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Definitions of bond

  1. stick to firmly; "Will this wallpaper adhere to the wall?" Scrapingweb Dictionary DB
  2. the property of sticking together (as of glue and wood) or the joining of surfaces of different composition Scrapingweb Dictionary DB
  3. a connection based on kinship or marriage or common interest; "the shifting alliances within a large family"; "their friendship constitutes a powerful bond between them" Scrapingweb Dictionary DB
  4. create social or emotional ties; "The grandparents want to bond with the child" Scrapingweb Dictionary DB
  5. a connection that fastens things together Scrapingweb Dictionary DB
  6. (criminal law) money that must be forfeited by the bondsman if an accused person fails to appear in court for trial; "the judge set bail at $10,000"; "a $10,000 bond was furnished by an alderman" Scrapingweb Dictionary DB
  7. a restraint that confines or restricts freedom (especially something used to tie down or restrain a prisoner) Scrapingweb Dictionary DB
  8. British secret operative 007 in novels by Ian Fleming Scrapingweb Dictionary DB
  9. United States civil rights leader who was elected to the legislature in Georgia but was barred from taking his seat because he opposed the Vietnam War (born 1940) Scrapingweb Dictionary DB
  10. an electrical force linking atoms Scrapingweb Dictionary DB
  11. a certificate of debt (usually interest-bearing or discounted) that is issued by a government or corporation in order to raise money Scrapingweb Dictionary DB
  12. bring together in a common cause or emotion; "The death of their child had drawn them together" Scrapingweb Dictionary DB
  13. a superior quality of strong durable white writing paper; originally made for printing documents Scrapingweb Dictionary DB
  14. a certificate of debt (usually interest-bearing or discounted) that is issued by a government or corporation in order to raise money; the issuer is required to pay a fixed sum annually until maturity and then a fixed sum to repay the principal Wordnet Dictionary DB
  15. issue bonds on Wordnet Dictionary DB
  16. That which binds, ties, fastens, or confines, or by which anything is fastened or bound, as a cord, chain, etc.; a band; a ligament; a shackle or a manacle. Webster Dictionary DB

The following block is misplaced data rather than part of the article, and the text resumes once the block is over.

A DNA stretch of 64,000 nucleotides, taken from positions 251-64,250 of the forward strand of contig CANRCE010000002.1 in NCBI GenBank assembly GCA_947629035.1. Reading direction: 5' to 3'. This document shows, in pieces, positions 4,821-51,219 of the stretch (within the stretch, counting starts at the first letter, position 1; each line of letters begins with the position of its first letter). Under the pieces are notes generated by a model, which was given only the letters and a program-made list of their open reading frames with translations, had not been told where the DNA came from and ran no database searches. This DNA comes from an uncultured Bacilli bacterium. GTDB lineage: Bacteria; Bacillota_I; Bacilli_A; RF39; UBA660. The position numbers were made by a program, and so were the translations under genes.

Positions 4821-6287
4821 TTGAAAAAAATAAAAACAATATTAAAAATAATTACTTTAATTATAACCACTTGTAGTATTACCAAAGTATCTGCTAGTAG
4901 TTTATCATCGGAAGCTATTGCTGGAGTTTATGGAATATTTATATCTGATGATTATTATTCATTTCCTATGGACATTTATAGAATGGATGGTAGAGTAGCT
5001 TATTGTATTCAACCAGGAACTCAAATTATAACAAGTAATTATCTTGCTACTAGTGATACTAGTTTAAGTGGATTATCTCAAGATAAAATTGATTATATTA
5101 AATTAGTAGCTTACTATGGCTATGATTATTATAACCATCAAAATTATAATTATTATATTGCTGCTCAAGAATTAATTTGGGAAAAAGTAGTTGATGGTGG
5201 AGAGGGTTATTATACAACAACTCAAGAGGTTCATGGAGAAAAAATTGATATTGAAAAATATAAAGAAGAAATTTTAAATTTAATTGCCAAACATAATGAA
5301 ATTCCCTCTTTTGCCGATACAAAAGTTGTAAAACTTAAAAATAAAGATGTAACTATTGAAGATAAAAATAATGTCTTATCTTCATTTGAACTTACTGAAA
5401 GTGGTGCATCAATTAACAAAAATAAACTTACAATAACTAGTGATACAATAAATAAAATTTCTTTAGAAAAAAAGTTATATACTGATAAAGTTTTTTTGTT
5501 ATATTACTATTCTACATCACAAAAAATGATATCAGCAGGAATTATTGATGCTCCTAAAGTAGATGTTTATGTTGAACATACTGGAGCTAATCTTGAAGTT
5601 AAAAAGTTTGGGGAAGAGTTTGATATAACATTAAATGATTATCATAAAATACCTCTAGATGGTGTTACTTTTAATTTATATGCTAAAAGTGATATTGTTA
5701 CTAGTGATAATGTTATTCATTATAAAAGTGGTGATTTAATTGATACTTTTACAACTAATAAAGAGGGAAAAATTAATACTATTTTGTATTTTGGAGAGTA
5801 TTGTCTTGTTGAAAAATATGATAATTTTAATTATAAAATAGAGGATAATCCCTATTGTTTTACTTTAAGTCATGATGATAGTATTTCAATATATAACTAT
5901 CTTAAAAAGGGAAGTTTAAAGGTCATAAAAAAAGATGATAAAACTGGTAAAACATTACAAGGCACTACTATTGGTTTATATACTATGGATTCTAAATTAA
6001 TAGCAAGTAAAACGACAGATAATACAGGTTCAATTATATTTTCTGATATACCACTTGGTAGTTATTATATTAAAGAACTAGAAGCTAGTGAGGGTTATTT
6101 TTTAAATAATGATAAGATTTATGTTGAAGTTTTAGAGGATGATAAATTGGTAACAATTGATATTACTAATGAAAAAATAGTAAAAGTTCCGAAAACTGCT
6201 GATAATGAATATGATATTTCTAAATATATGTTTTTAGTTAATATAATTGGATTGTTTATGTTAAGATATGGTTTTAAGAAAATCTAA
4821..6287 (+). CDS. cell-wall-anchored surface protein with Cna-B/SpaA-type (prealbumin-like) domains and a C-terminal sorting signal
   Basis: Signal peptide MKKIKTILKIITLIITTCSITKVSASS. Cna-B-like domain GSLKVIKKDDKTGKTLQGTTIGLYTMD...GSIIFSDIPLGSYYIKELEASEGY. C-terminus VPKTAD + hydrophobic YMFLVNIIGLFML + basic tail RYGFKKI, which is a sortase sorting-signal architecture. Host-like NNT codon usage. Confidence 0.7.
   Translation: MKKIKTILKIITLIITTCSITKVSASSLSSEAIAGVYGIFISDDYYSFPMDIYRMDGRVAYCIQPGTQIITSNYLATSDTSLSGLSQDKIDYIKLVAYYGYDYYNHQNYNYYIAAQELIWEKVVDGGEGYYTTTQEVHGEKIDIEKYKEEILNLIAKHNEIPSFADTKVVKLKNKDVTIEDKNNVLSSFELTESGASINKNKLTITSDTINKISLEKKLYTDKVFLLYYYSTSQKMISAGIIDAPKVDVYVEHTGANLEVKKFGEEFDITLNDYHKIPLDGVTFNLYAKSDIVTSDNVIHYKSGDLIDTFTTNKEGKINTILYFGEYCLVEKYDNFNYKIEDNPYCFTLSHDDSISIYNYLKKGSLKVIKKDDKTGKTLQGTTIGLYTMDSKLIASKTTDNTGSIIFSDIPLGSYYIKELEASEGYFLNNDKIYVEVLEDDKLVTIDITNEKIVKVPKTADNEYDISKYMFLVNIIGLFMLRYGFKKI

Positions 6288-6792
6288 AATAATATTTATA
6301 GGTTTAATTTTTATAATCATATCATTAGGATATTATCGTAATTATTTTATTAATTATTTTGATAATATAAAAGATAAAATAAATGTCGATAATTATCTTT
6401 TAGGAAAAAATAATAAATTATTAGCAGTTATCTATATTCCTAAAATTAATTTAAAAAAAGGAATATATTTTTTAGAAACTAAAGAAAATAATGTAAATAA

17. The state of being bound; imprisonment; captivity, restraint. Webster Dictionary DB
  18. A binding force or influence; a cause of union; a uniting tie; as, the bonds of fellowship. Webster Dictionary DB
  19. Moral or political duty or obligation. Webster Dictionary DB
  20. A writing under seal, by which a person binds himself, his heirs, executors, and administrators, to pay a certain sum on or before a future day appointed. This is a single bond. But usually a condition is added, that, if the obligor shall do a certain act, appear at a certain place, conform to certain rules, faithfully perform certain duties, or pay a certain sum of money, on or before a time specified, the obligation shall be void; otherwise it shall remain in full force. If the condition is not performed, the bond becomes forfeited, and the obligor and his heirs are liable to the payment of the whole sum. Webster Dictionary DB
  21. An instrument (of the nature of the ordinary legal bond) made by a government or a corporation for purpose of borrowing money; as, a government, city, or railway bond. Webster Dictionary DB
  22. The state of goods placed in a bonded warehouse till the duties are paid; as, merchandise in bond. Webster Dictionary DB
  23. The union or tie of the several stones or bricks forming a wall. The bricks may be arranged for this purpose in several different ways, as in English or block bond (Fig. 1), where one course consists of bricks with their ends toward the face of the wall, called headers, and the next course of bricks with their lengths parallel to the face of the wall, called stretchers; Flemish bond (Fig.2), where each course consists of headers and stretchers alternately, so laid as always to break joints; Cross bond, which differs from the English by the change of the second stretcher line so that its joints come in the middle of the first, and the same position of stretchers comes back every fifth line; Combined cross and English bond, where the inner part of the wall is laid in the one method, the outer in the other. Webster Dictionary DB
  24. A unit of chemical attraction; as, oxygen has two bonds of affinity. It is often represented in graphic formulae by a short line or dash. See Diagram of Benzene nucleus, and Valence. Webster Dictionary DB
  25. To place under the conditions of a bond; to mortgage; to secure the payment of the duties on (goods or merchandise) by giving a bond. Webster Dictionary DB
  26. To dispose in building, as the materials of a wall, so as to secure solidity. Webster Dictionary DB